acq lumber

I built a privacy fence last year and borrowed a friend's nail gun. He gave me a bunch of nails to use with the gun and everything came out fine. When we looked up the nails on Lowe's to find out their price so I could repay him, we noticed the description said not recommended for ACQ lumber. This is the lumber I purchased from the lumber yard and don't really want to go disassembling the fence to replace the nails. What should I expect to happen to the fence and what should I have used instead?
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badgolferman wrote:

You should have used either stainless or double hot dipped galvanized nails. You can expect the fasteners to disentigrate and fail. You can easily buy some of the correct fasteners and renail the fence without removing the existing nails.
Here is a little article on it:
http://www.findarticles.com/p/articles/mi_m0JVJ/is_5_15/ai_n6234007
And here is a pdf file with the warning:
http://www.fccip.org/Issue-6,May2004.pdf
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wrote:

I believe they were full head electrogalvanized ring. Is this good or bad?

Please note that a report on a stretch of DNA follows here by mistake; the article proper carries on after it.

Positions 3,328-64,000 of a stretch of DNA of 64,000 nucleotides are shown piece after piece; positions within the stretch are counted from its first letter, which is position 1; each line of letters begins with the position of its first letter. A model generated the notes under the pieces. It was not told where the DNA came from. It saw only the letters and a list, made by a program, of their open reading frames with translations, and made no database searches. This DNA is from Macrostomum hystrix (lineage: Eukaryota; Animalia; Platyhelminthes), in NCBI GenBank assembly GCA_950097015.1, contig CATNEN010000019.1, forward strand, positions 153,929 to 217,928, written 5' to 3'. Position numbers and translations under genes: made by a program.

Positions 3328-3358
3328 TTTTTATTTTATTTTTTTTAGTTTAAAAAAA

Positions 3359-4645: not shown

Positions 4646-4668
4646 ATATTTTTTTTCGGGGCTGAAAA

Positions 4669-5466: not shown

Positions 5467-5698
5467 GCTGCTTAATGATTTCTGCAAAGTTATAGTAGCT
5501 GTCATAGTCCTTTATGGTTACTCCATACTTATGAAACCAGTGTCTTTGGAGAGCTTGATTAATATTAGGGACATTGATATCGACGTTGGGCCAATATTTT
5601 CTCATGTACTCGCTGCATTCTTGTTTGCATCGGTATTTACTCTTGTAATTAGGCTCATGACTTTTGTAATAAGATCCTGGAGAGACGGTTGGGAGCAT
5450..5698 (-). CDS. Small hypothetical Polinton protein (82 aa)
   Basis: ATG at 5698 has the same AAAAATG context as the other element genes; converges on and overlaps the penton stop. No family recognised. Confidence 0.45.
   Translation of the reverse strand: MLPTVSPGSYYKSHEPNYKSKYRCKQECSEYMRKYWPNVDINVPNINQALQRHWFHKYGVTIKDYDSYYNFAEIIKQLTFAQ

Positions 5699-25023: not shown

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badgolferman wrote:

Yes. It specifically states NOT to use electrogalvanized nails. The galvanization is way too thin to protect it against the corrosiveness of the new treated lumber.
The full head and the ring shank are good though.
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Dont want to stray too far off topic here but, I am about to do a small shed (myself) and was aware of the corrosion issues with the ACQ. I had the fasteners all picked out when it dawned on me, would I also need double dipped anchors for the slab? ,( the ones to bolt the bottom plate down) Home Repot doesnt sell such a thing. Are the regular steel anchors going to corrode away leaving me sliding (literally ) in the wind?!
Cheers, Gord
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AustinScoobee wrote:

I have been told that fasteners greater than 1/4" diameter are generally safe to use since the galvanic action will stop before the fastener is fully eaten away.
And since we're on the subject of ACQ lumber, is it safe to use for raised bed vegetable gardens? I know the arsenic treated lumber was a no-no, but since copper is a naturally occuring mineral, is it dangerous?
Bob S.
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x-no-archive: yes
badgolferman wrote:

Oops... I hope it was not a long fence.
The stainless steel ring-shank nails are very thin, almost like pins. You might be able to just nail in beside the existing nails that are there and then pull the other nails, or just leave them in there.
I just put together about 400' of fencing with ACQ lumber and I noticed that the tags from the manufacture had been stapled on with steel staples, but were quickly falling off because of corrosion from the copper.
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